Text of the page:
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EPA May Go Easy On Auto Emission Standards: Trump Wants To Lure More Vehicle Makers

4 March 2017, 10:56 am EST By Kalyan Kumar Tech Times
The EPA may relax the greenhouse gas emission standards for cars and light trucks by retreating from earlier plans of enforcing high emission standards through 2025. It may conduct a review very soon.  ( David McNew | Getty Images )

The Environmental Protection Agency in the United States may relax the greenhouse gas emission standards for cars and light trucks in response to the pressure from automakers and keenness of the Trump administration to garner more automobile investments.

According to sources, a joint notification from EPA and the Transportation Department indicating a midterm review of the emission standards may be released by the second week of March.

The expectation is that the "midterm review" will go easy on the fuel efficiency standards through 2025 and relax the rigid standards sought to be enforced. The move is part of the Trump administration's relook policy on many of the Obama-era regulations, which are opposed by the industry.

An EPA spokesperson, however, declined to comment.

Emission Targets

Automobile producers have urged Trump appointed EPA Administrator Scott Pruitt to reconsider the standards for model years 2022 to 2025 which mandated car and light truck fleet to attain an average 54.5 miles per gallon by the end of the stipulated period.

The EPA was readying to lock the standards without any modification.

In 2011, the emissions standards through 2025 were negotiated with the Obama administration by the auto industry.

The deal required automobile companies to double average fuel economy of vehicles to 54.5 miles per gallon by 2025. One rider was that a mid-term review would decide whether the standards for the final years were viable. However, just before the Trump administration took over, the EPA said it did the review a year in advance and saw no ground in changing the emission rules.

Automakers protested saying that falling gasoline prices have cut the demand for the most fuel-efficient vehicles, making standards achievement more difficult.

The EPA decision in January miffed the automakers who said the move would kill a promised debate over standards. They said the high emission standards were adding to the cost burden and may lead to loss of jobs in the sector where low gasoline prices have already dampened the demand for fuel efficient cars. Also, the limited sales of hybrids and electric cars are rattling the industry.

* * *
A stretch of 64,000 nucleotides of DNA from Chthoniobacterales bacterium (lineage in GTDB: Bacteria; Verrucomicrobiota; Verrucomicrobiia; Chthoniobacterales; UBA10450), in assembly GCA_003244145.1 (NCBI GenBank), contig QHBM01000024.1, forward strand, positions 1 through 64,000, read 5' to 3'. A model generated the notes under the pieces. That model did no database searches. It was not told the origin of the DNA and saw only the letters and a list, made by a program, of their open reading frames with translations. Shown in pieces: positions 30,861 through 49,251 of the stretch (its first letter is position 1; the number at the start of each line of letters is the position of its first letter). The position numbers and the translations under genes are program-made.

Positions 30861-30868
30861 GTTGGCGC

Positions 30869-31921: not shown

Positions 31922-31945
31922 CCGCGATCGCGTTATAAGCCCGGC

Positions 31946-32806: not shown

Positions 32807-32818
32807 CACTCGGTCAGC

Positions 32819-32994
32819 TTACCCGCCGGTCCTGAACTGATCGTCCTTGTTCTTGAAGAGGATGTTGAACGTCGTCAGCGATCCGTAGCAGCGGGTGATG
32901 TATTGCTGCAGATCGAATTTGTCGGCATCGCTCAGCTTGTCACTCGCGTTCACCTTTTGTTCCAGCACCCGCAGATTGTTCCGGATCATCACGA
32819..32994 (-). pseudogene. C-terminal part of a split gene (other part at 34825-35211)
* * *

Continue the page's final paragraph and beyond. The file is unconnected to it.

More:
Auto Makers' Plea To President

The auto makers urged President Donald Trump to reinstate the review of fuel economy regulations.

In the Jan. 24 meeting Trump held with auto executives, the President took a lenient view on excess regulatory controls. Trump is also keen on attracting more car factories to the United States and said many regulatory rules are going "out of control."

The Association of Global Automakers represents 12 automakers that include Toyota Motor Corp., Nissan Motor Co. Honda Motor Co., and Hyundai Motor Co, among others.

The trade body's spokeswoman Annemarie Pender said it has not received a response to its Feb. 21 letter urging the EPA to withdraw the decision.

Indications of policy changes at EPA were already evident when it dumped the plan for framing a rule to crackdown on methane releases from oil and gas wells.

Meanwhile, speculations about the EPA's move triggered a strong reaction from environmental and science groups which urged Pruitt to retain the emission standards.

"EPA's clean car standards are driving unprecedented reductions in carbon pollution and saving drivers money at the pump," said Rhea Suh, president of the Natural Resources Defense Council.

EPA Lake Fund Cut

Meanwhile, the proposal of the White House to cut the funding for EPA's Great Lakes pollution cleanup by 97 percent has evoked concern.

The cuts are part of President Trump's initial 2018 budget proposal expressed in a U.S. Office of Management and Budget "passback" indicating drastic cuts in allocations.

The budget pruning proposal seeks to slash annual Great Lakes Restoration Initiative funding from $300 million to $10 million. Cumulatively, the cuts would reduce the EPA's total budget by a quarter.

The plan also includes a $13 million cut in compliance monitoring, which the EPA has been using to monitor the safety of drinking water systems.

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